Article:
Super Ted, on 30 March 2010 - 09:15 AM, said:
I did crack a wry smile when the voice-over said something like: "if we could harness this creativeness and energy then stoke could be...."
The image overlayed was just a room full of young men punching inanimate objects (punch bags) repeatedly as though it mattered.
All the Vox-pops "We need them to give us some jobs" who "them" are that will rain employment from the sky into the laps of these people i have no idea.
You seem to have ignored the central point ( in order to make a silly patronising comment about ordinary Stoke people) that one "think tank" bod made.
He constrasted the industrial revolution with its decentralised capital, a period during which people were prepared to take a risk on "making and developing things." The UK became a world leader. So industrially we had the equivalent of the Star Ship enterprise, whilst everyone else was still at the donkey and cart stage.
Also our 18th century forebears only had pamphlets to find out "what worked and what didn't" whereas today we have the internet and can find out "what works" even faster.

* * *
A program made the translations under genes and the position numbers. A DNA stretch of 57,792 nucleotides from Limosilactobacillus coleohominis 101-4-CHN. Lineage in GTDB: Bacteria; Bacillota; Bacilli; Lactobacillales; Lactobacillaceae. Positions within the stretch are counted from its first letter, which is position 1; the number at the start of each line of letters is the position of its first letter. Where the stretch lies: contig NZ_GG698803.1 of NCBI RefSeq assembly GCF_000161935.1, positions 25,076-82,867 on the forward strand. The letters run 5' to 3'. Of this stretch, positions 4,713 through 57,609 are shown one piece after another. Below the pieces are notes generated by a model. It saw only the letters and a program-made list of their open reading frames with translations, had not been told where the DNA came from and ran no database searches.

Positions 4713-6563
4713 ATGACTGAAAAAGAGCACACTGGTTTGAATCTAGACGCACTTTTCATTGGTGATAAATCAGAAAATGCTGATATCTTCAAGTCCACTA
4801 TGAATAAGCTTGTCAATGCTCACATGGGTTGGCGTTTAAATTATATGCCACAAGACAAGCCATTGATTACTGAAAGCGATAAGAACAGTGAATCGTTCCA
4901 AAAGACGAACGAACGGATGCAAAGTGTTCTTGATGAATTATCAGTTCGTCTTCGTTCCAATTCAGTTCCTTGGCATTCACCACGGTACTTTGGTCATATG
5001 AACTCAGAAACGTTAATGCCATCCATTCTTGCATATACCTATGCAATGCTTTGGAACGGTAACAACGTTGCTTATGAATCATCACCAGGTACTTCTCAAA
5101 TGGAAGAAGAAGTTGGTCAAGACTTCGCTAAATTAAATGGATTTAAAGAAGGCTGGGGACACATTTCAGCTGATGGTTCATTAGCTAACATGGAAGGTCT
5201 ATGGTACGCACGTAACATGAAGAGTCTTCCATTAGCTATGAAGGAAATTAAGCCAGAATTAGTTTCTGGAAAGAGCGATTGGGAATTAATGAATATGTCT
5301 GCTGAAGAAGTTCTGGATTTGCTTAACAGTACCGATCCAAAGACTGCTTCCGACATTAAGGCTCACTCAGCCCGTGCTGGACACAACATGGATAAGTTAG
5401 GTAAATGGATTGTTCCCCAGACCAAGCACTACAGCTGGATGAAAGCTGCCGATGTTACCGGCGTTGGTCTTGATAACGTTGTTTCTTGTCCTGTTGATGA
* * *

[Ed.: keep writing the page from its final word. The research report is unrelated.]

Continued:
Now capital seems to be more centralised in the hands of crony capitalists and City Bankers., the result is that social mobility has ground to a halt and money no longer goes into the hands of thousands (millions) of entrepreneurs who are prepared to risk all. Also an over reliance in mini bubble economies that only occur in big city's such as London. The so called "Starbucks" phenomenon.
Looking forward to tonights follow up, though not hopeful on the solutions, until the "too big to fail" types are bankrupted and failed and capitalism is allowed to work properly again.
And of course no politician is prepared to engage with the voter as to where the jobs for their children are going to come from. Just about everyone I speak to with kids is concerned about this. Most effective routes to the "top" being through the City or legal profession. The result is that the next generation will almost certainly be poorer than the previous.
Paul Mason is a rarity amongst BBC reporters. He actually "gets it." As he pointed out we can't survive alone on "supermarkets" and "call centres."
This post has been edited by SirStirlingSlumlord: 30 March 2010 - 09:57 AM